“Without the lab, I may have succumbed to metastatic disease in the future.”
As a pathologist, former ASCP President, and lifelong advocate for patient-centered care, Lee has spent his entire career aware of the importance of lab testing and spent years acting as a resource to his friends, family and patients navigating cancer diagnoses. When he started to see the signs of prostate cancer at 66, he wasn’t shocked and saw it as his turn to undergo treatment.
Lee started getting routine PSA blood test screenings in his forties given his father had prostate cancer. PSA, or Prostate Specific Antigen, is a protein created by prostatic tissue. PSA tests can indicate higher levels of this protein in the blood; however, they do not indicate a specific diagnosis, such as cancer. In fact, 15 years earlier he had an elevated PSA but biopsy did not show the presence of cancer. When his PSA results started to increase, again, faster than expected, Lee’s doctor sent him to get an MRI, where they saw a mass in his prostate that was suspicious for cancer. After talking to his urologist, Lee decided on surgical treatment to remove his prostate.
Lee is very familiar with the diagnosis and treatment of prostate cancer, but that didn’t remove the emotional aspect of his diagnosis: “It’s scary even if you know what it is and know what to do. You ask yourself ‘Why Me’?”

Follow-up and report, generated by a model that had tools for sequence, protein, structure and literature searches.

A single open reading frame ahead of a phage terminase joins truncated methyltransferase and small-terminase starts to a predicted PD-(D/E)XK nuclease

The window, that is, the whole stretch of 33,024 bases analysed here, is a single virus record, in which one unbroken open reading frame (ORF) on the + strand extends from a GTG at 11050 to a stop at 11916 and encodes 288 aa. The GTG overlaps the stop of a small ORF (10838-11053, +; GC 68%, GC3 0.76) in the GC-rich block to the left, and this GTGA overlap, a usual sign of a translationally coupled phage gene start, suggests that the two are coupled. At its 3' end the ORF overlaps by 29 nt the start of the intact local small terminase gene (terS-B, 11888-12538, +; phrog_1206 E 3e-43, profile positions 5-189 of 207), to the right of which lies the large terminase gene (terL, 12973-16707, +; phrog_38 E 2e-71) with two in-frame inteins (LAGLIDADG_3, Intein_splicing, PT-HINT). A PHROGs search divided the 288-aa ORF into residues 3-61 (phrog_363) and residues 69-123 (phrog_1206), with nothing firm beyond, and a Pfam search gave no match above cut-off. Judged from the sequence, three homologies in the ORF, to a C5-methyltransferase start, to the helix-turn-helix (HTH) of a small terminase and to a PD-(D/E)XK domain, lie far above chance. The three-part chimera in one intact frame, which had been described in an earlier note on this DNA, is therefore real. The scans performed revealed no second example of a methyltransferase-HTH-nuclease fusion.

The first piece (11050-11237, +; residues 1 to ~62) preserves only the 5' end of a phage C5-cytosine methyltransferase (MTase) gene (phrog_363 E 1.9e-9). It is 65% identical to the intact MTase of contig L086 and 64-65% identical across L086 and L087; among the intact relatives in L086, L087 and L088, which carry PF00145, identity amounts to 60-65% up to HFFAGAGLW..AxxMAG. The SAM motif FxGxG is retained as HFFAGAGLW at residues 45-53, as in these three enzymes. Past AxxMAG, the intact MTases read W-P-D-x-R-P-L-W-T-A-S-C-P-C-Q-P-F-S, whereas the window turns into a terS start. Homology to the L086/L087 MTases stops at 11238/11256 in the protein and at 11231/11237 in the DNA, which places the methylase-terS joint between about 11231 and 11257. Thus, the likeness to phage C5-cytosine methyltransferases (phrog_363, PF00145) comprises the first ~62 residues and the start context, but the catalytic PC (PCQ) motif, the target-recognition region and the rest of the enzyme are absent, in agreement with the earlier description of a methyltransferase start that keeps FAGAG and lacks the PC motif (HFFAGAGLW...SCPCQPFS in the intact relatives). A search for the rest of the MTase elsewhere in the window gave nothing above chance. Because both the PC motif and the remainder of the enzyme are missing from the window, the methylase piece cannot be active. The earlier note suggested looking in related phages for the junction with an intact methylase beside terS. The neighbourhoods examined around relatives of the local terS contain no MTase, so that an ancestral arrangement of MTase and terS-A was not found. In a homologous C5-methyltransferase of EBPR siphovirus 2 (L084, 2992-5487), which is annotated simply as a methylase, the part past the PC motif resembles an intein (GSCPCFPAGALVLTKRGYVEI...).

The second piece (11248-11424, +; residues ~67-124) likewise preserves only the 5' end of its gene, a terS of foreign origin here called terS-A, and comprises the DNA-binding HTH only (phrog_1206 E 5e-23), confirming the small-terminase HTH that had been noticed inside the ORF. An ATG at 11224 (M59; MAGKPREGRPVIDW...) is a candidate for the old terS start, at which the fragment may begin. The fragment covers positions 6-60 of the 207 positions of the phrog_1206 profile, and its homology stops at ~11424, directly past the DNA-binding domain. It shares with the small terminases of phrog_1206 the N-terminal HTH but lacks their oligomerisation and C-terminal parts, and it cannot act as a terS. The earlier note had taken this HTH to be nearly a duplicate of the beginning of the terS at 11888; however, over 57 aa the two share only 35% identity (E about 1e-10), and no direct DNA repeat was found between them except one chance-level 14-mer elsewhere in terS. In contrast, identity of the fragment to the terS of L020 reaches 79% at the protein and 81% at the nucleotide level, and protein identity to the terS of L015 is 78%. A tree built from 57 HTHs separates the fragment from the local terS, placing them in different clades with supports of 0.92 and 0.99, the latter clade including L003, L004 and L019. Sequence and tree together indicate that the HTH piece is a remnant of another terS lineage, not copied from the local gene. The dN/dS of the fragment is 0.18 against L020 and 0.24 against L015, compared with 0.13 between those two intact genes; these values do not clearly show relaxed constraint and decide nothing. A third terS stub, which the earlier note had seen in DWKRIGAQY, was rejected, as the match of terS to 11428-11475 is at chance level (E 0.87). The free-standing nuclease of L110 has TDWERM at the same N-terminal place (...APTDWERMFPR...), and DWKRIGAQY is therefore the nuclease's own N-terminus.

To combat his anxiety about treatment, Lee reached out to other prostate cancer survivors, including other Patient Champions, for support and community. Connecting with his support system was vital to his recovery. He also focused on the logistics of the treatment, rather than his fears: “I focused on what I needed to do to deal with, rather than the anxiety of it. It was in the background, but I had to do what I had to do.”
He has the following advice for other patients “If you are worried about the diagnosis, the best thing you can do is take care of it. Make sure you have a good clinical team, including an internist and urologist that can help you make the right decision about treatment. In the long term, you are far better off dealing with something, as scary as it is, rather than avoiding it.”